Where’s My Refund? updates once every 24 hours, usually overnight. Taxpayers should remember that checking the status more often will not produce new results. Taxpayers on the go can track their return and refund status on their mobile devices using the free IRS2Go app. Those who file an amended return should check out the Where’s My Amended Return? tool. 

Generally, the IRS issues most refunds in less than 21 days, but some may take longer. IRS phone and walk-in representatives can research the status of refunds only if it's been 21 days or more since a taxpayer filed electronically, or more than six weeks since they mailed a paper return. Taxpayers can also contact the IRS if Where's My Refund? directs them to do so.

There is a misconception that a tax transcript can help taxpayers determine the status of their refund. The information included on a transcript does not necessarily reflect the amount or timing of a refund. Transcripts are best used to validate past income and tax filing status for loan applications, and to help with tax preparation.

 IRS Tax Tip 2018-35

Wednesday, January 24, 2018, 14:55 | No Comments »

The IRS encourages taxpayers who are “seriously delinquent” on their taxes – those who owe more than $51,000 in back taxes, penalties and interest -- to pay what they owe or enter into a payment agreement with the IRS. Seriously delinquent taxpayers risk losing their passports or having their passport applications or renewals denied.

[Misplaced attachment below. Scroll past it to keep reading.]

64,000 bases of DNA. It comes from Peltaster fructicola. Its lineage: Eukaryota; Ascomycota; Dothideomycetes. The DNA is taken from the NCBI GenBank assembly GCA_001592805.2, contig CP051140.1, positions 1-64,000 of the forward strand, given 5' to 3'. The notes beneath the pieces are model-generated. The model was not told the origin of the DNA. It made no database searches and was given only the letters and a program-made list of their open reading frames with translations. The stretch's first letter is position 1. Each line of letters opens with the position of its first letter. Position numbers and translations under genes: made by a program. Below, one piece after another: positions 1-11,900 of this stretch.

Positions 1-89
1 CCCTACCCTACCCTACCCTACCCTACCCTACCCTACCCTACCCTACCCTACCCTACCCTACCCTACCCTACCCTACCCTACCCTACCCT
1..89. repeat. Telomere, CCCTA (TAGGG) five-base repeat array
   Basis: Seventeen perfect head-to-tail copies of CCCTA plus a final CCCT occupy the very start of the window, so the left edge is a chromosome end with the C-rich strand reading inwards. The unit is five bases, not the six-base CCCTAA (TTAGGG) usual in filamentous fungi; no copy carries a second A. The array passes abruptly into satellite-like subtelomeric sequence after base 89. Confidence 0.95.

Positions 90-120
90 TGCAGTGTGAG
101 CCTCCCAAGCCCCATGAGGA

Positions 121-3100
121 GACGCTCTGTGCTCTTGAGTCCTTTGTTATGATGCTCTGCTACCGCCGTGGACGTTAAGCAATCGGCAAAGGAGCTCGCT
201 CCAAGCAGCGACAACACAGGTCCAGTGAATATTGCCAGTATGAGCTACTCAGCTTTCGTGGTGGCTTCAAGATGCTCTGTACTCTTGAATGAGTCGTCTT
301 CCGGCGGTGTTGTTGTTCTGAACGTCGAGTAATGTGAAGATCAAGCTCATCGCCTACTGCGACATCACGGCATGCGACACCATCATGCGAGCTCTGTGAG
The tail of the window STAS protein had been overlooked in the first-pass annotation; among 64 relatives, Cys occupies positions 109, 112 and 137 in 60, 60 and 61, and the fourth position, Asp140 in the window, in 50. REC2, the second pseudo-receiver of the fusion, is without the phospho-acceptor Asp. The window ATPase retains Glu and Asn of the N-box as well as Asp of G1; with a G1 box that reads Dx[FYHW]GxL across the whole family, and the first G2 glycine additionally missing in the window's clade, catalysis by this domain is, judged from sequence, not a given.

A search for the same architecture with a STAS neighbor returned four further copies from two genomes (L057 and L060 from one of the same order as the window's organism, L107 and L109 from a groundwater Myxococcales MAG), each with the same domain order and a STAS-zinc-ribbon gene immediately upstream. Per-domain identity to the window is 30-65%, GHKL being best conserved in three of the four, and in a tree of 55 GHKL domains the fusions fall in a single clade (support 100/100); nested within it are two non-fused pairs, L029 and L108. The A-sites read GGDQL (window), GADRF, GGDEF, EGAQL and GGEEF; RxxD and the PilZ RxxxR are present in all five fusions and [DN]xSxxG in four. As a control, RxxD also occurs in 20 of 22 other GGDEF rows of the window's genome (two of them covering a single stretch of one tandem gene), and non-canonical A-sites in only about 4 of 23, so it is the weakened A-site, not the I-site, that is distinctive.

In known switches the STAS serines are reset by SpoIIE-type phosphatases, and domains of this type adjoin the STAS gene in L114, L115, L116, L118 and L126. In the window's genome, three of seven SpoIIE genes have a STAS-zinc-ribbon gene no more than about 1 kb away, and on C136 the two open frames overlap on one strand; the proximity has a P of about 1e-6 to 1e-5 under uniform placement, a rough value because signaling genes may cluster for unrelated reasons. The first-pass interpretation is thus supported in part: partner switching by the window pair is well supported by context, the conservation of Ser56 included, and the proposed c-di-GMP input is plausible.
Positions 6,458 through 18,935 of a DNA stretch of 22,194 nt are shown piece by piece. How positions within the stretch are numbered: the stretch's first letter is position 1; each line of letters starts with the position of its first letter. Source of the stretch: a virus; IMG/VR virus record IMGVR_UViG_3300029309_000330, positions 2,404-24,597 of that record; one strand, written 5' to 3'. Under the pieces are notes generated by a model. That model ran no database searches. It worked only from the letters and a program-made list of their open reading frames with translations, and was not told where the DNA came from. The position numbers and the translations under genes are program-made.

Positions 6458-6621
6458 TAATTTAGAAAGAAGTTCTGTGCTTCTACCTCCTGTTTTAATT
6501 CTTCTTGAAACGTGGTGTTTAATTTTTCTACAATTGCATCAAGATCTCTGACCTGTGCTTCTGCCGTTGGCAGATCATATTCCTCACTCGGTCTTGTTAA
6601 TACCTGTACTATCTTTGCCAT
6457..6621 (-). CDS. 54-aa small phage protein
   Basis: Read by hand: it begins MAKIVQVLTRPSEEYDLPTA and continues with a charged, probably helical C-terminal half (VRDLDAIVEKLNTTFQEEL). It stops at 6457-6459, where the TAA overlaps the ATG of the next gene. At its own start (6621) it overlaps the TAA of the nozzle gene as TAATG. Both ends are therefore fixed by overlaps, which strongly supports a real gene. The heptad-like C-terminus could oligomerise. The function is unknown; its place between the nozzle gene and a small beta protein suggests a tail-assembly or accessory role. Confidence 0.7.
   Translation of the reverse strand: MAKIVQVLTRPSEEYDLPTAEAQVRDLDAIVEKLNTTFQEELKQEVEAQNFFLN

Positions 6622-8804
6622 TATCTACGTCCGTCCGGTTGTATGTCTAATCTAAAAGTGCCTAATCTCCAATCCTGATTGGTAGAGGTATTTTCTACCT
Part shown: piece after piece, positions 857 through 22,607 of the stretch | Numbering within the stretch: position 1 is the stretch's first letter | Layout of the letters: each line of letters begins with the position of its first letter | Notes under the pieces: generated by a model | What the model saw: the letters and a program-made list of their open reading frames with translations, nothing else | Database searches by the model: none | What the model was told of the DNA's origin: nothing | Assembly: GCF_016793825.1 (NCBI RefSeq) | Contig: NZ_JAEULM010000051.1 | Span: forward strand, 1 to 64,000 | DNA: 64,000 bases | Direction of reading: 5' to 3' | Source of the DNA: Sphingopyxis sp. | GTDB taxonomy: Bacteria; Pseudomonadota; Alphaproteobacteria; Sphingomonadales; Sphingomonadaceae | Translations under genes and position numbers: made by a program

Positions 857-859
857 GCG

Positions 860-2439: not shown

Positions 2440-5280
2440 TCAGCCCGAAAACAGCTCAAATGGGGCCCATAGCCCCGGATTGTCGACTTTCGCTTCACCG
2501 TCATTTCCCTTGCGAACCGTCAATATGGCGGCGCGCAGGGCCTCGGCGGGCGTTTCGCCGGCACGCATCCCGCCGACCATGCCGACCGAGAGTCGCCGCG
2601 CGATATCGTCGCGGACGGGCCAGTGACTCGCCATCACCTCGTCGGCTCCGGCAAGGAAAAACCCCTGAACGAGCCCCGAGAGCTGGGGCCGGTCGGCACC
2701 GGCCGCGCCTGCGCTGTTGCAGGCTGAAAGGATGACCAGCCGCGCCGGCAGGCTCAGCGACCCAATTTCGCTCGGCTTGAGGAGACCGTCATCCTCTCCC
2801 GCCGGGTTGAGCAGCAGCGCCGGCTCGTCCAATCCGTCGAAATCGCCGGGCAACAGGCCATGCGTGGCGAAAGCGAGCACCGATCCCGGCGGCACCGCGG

IRS e-News for Tax Professionals - Issue 2018-3

Thursday, January 18, 2018, 16:58 | No Comments »

The Internal Revenue Service this week released Notice 1036, which updates the income-tax withholding tables for 2018 reflecting changes made by the tax reform legislation enacted last month. This is the first in a series of steps the IRS will take to help improve the accuracy of withholding following major changes made by the new tax law.

IRS e-News for Tax Professionals - Issue 2018-2